I know that a competition like this, can mean the same thing for many others out there.

I’m honored to participate in this competition as one of the judges and grateful to the fabulous team at the Samoa Observer for organizing it. There is a hunger worldwide for our stories and we need more of them told. The incomparable Albert Wendt said, “We must write, paint, weave, dance, sing and think ourselves into existence. For too long, others have done it for us. We must tell our own stories.”

Good luck everyone. I can’t wait to read your stories.

Five Ways to Protect Your Writing from Zombies

My writer nightmare is about losing words.  Am I the only one whos paranoid about this? I cant imagine the soul crushing despair of working on a book or a project for months on end and then having it all wiped out because I accidentally hit DELETE. Or because a nasty bug ate my computer. Here’s my list of things I do to avoid that apocalypse.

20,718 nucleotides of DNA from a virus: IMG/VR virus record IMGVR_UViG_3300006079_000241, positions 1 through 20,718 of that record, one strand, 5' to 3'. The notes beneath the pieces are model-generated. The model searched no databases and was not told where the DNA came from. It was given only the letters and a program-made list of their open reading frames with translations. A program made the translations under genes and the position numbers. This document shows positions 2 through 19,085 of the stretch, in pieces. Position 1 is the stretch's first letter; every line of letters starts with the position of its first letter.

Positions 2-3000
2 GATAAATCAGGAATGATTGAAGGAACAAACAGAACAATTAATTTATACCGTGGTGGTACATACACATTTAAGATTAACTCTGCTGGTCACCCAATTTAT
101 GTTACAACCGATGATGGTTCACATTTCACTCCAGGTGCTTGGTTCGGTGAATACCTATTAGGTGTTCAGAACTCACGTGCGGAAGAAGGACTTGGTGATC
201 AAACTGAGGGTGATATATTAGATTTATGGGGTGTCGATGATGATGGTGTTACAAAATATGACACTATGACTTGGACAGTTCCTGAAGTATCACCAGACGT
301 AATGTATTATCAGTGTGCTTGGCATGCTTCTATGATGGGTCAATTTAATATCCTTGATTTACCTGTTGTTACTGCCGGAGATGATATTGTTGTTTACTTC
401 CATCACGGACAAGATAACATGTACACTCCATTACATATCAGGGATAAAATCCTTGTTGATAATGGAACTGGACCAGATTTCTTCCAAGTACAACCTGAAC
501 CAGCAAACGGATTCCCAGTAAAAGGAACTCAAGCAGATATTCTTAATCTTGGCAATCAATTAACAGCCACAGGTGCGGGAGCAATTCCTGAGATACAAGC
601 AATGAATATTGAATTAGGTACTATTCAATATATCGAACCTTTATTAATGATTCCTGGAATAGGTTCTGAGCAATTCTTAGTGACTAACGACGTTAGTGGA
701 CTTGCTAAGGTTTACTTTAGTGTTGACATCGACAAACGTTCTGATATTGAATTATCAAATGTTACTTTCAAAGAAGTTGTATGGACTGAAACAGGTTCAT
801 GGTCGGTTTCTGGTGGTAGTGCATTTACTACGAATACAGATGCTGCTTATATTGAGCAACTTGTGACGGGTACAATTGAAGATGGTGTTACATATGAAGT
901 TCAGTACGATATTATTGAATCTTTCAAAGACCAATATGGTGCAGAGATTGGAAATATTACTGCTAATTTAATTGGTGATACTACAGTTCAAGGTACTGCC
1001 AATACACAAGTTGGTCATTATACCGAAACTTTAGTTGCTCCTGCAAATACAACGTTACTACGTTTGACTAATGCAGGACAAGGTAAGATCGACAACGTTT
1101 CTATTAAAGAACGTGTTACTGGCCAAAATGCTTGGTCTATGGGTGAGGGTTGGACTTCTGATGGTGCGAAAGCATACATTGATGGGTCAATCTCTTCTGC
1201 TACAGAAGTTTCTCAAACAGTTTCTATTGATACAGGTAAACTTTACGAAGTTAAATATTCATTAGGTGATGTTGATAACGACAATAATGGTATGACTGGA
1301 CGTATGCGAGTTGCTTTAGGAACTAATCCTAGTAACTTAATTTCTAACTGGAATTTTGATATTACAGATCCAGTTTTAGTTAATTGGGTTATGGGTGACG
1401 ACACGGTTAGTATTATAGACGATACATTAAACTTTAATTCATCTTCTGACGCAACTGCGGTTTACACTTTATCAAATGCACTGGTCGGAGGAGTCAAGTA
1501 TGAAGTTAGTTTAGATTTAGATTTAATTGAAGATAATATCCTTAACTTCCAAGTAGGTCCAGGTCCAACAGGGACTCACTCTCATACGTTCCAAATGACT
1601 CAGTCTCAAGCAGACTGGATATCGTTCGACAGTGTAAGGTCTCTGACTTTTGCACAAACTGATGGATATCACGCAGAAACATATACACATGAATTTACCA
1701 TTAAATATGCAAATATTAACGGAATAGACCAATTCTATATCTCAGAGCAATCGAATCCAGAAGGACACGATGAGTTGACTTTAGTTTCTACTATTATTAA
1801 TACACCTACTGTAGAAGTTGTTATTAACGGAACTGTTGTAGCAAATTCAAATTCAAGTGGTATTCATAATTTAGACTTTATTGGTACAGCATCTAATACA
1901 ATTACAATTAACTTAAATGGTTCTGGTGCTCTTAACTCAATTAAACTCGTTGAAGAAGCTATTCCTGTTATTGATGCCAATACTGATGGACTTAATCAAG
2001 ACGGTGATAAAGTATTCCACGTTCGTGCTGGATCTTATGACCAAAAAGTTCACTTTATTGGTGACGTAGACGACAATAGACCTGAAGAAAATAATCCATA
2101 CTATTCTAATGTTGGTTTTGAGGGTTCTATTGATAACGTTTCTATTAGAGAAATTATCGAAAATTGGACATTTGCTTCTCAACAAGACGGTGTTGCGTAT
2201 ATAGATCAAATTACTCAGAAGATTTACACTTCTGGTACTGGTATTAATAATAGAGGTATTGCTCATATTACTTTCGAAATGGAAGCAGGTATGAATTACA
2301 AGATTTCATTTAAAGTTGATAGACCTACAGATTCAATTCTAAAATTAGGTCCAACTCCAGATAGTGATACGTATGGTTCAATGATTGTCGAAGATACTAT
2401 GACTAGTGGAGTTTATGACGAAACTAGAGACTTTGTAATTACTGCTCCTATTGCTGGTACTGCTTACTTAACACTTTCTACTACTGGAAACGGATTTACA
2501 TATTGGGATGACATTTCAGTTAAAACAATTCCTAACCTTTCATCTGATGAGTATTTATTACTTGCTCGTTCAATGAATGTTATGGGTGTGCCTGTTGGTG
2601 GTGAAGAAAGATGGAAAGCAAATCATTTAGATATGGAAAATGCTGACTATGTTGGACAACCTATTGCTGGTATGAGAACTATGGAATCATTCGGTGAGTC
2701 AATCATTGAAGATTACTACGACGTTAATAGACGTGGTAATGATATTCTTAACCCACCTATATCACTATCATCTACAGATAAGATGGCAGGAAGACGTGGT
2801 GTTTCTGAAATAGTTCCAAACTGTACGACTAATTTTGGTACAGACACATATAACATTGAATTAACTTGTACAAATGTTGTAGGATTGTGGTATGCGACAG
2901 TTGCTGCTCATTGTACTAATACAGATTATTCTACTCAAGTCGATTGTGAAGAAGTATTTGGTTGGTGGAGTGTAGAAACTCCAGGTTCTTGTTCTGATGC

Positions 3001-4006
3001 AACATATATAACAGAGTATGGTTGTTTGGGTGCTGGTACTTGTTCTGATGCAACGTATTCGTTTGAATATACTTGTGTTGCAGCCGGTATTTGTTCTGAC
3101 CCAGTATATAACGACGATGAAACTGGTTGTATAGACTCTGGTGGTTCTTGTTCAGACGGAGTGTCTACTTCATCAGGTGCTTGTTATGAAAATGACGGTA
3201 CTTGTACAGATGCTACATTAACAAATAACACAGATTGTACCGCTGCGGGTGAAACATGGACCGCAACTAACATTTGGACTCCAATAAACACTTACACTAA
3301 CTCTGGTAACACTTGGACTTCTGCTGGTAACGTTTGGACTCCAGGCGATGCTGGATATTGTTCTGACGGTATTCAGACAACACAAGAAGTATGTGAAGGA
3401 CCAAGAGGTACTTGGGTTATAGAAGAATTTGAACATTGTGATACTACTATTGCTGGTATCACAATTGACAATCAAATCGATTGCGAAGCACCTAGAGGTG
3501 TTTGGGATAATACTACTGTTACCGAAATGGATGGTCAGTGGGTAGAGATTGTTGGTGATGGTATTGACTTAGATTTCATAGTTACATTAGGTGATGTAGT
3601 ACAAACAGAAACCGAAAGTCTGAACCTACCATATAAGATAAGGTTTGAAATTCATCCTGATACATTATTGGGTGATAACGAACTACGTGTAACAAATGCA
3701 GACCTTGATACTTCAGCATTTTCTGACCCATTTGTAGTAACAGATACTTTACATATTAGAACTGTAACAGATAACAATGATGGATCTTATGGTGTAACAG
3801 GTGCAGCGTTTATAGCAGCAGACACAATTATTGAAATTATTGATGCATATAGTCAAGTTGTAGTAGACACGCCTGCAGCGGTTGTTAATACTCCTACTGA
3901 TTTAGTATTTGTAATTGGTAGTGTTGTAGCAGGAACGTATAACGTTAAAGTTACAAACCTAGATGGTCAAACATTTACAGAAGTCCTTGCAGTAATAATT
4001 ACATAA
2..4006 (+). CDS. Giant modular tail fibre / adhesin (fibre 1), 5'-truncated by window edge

1. When we go somewhere – I hide my laptop in odd places in the house in case of robbers.
2.  I carry a usb stick with me everywhere with copies of everything Im working on in case the house burns down and the computer goes up in smoke.
3. I created a storage email account and regularly email myself updated copies of writing work in progress in case somebody steals my purse with the usb in it.
4.  I have a Dropbox account and store impt files in there too.
5. I regularly save everything onto a backup hard drive. I hide that hard drive in different random places. Then I forget where I hid it..but its still a good idea!
Things I Havent Done but I Probably Should.
1. Get a safety deposit box somewhere like in the movies. Leave instructions for it in my will. (Which I dont have. Because Im too busy/lazy/young to make a will dammit.)